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Astronaut Safety Concerns Confound Longterm Space Exploration

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Lisa Winter

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596 Astronaut Safety Concerns Confound Longterm Space Exploration

Though humanity may dream of traveling to Mars and beyond, it might not happen as we hope. A panel of buzzkills experts from the Institute of Medicine (IOM) recently determined that such longterm space travel would exceed current safety regulations. This raises specific ethical concerns that would need to be addressed prior to the development of such a mission, even though any such missions would be decades away.

Currently, astronauts are permitted to spend six months out in space aboard the International Space Station. NASA estimates that a journey to Mars would be considerably longer, lasting about 18 months to travel to and from, in addition to exploring the Martian surface. There are also differences in the possible health effects from the short term low-Earth orbit versus longterm space travel.


According to the report: "The committee finds relaxing (or liberalizing) current health standards to allow for specific long duration and exploration missions to be ethically unacceptable."

Astronauts aboard the ISS often experience dizziness, blurred vision, and muscle weakness from being in space. A recent study also determined that the lack of gravity also makes hearts more spherical, rather than the oblong, tapered shape we know it to be. Those who would travel further out into space would be facing loss of home mass in addition to a greater risk of developing cancer due to the high levels of radiation. There could also be other risks that are currently unknown.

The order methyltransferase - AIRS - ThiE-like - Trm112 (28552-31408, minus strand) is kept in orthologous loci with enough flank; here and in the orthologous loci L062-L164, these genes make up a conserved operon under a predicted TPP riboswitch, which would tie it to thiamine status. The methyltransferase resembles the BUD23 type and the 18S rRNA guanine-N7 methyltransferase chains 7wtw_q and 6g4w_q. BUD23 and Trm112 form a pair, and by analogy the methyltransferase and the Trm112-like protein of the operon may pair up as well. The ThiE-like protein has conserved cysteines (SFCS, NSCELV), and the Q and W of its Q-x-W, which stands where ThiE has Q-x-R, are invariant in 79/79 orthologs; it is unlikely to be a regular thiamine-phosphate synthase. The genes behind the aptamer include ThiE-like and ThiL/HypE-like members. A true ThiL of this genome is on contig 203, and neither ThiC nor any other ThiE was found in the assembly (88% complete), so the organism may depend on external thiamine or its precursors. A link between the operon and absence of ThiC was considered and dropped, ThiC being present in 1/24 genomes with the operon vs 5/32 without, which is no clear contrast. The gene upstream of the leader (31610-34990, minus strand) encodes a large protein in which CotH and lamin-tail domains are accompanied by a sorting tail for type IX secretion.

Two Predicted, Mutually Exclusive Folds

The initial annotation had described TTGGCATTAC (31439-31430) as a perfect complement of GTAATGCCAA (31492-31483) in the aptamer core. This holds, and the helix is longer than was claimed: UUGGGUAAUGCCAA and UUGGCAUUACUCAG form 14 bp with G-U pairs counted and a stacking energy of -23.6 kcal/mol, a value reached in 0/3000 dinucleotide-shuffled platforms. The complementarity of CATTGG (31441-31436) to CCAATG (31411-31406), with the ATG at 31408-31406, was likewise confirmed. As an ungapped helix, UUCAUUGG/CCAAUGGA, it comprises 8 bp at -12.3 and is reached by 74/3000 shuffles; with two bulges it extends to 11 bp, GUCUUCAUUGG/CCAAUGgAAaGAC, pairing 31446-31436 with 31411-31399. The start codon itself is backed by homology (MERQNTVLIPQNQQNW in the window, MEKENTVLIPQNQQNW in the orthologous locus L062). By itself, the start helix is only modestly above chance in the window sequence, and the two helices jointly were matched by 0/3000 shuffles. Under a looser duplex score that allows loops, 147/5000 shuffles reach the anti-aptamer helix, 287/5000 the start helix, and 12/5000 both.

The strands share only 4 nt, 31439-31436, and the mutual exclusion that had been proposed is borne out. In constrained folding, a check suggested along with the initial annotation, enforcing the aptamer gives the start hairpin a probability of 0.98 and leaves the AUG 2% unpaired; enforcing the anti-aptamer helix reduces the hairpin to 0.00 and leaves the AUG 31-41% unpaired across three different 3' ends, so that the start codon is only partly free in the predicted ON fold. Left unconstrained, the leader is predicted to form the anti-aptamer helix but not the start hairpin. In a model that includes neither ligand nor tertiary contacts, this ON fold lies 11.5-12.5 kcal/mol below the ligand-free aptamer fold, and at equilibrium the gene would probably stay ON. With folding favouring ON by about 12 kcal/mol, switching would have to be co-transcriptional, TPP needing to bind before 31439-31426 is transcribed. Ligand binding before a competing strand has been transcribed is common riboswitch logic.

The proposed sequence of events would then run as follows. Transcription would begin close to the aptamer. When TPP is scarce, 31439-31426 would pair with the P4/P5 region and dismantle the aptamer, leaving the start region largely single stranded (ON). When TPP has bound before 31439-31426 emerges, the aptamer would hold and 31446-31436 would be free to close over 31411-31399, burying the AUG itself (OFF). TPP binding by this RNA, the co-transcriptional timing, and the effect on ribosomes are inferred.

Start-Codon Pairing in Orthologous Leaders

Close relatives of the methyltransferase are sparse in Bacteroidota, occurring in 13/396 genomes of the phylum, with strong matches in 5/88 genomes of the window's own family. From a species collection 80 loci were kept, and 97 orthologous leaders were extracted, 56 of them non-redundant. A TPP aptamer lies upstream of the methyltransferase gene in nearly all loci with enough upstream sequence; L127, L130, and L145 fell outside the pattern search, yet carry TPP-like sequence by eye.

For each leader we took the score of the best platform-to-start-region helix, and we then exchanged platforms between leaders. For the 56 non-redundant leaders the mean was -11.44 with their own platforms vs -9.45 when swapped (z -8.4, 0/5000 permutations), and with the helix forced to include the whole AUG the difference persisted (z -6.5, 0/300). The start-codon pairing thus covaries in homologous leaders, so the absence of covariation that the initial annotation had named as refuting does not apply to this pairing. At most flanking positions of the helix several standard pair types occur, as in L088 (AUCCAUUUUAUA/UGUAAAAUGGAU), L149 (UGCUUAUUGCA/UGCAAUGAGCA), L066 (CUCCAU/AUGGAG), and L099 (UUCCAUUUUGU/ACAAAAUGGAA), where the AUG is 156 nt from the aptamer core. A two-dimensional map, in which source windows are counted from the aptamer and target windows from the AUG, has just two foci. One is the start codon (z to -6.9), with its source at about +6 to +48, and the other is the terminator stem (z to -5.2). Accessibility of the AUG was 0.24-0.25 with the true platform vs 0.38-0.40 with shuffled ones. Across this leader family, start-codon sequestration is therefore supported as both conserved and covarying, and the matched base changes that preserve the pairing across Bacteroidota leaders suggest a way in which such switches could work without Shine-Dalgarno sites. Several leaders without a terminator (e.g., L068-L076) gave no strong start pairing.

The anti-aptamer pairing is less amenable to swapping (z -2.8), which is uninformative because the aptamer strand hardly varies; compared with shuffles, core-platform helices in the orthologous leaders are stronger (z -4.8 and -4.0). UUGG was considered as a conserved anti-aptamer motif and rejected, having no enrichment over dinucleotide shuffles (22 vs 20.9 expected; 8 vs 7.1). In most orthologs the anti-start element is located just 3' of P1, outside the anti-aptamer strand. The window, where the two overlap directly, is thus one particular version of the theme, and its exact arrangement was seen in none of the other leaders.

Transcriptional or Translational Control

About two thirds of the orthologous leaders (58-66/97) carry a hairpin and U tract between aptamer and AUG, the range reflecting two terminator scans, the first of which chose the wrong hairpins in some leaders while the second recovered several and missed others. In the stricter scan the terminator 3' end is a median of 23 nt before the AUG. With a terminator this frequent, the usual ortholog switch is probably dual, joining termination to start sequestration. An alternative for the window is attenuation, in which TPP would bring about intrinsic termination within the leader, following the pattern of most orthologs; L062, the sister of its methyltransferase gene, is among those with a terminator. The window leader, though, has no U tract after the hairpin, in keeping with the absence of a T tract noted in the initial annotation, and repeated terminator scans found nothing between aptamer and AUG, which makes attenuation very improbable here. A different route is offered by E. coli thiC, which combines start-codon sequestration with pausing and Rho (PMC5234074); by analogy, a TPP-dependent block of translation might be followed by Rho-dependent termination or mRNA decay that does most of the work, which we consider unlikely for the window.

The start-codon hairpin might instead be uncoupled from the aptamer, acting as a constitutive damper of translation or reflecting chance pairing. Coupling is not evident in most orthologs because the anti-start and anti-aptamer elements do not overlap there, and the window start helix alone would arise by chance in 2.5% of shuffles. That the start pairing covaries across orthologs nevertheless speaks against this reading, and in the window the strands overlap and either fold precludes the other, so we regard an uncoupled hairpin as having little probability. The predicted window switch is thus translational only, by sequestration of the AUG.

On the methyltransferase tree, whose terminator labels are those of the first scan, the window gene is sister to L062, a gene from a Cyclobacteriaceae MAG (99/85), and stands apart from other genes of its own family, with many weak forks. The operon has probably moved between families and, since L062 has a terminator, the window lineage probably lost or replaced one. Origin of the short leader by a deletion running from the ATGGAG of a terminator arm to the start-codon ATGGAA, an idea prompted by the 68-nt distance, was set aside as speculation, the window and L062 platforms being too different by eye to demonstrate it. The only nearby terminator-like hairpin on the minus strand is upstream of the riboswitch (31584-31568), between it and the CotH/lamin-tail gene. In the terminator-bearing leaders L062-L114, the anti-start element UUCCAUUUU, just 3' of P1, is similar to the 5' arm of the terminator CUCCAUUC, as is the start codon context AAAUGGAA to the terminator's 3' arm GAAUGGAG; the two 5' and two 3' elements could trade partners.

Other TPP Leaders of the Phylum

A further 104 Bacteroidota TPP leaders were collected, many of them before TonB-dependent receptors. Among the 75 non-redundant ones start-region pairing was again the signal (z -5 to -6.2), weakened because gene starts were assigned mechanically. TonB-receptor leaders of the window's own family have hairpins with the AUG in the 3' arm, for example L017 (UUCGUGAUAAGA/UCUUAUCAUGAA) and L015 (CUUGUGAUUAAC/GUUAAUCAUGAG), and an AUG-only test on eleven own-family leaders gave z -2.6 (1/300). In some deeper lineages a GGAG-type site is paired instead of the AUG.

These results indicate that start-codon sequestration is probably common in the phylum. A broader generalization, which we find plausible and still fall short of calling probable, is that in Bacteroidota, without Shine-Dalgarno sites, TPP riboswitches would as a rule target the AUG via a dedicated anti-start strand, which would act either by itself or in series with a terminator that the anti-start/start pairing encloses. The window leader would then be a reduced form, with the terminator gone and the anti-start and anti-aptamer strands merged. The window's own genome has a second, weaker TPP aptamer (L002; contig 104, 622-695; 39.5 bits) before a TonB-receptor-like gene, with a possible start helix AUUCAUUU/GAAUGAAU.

For astronauts to be permitted to take on that risk in future missions, current safety regulations would have to be expanded or waived. NASA had asked the IOM to review the regulations and either make a special set of regulations for Mars missions or to make an exception. The IOM has determined that the risk is not worth it and changing the current restrictions is opening up an ethical can of worms. Exceptions for prolonged space travel could be granted under rare circumstances, but NASA would need to make a good case for why it would be necessary.

Chair of the committee and bioethics professor Jeffrey Kahn from Johns Hopkins noted that “[f]rom its inception, space exploration has pushed the boundaries and risked the lives and health of astronauts. Determining where those boundaries lie and when to push the limits is complex.”


The IOM also noted that astronauts would need to be fully informed of the potential health hazards from space travel. They also advise NASA to fully cover former astronauts’ healthcare upon their return to Earth.


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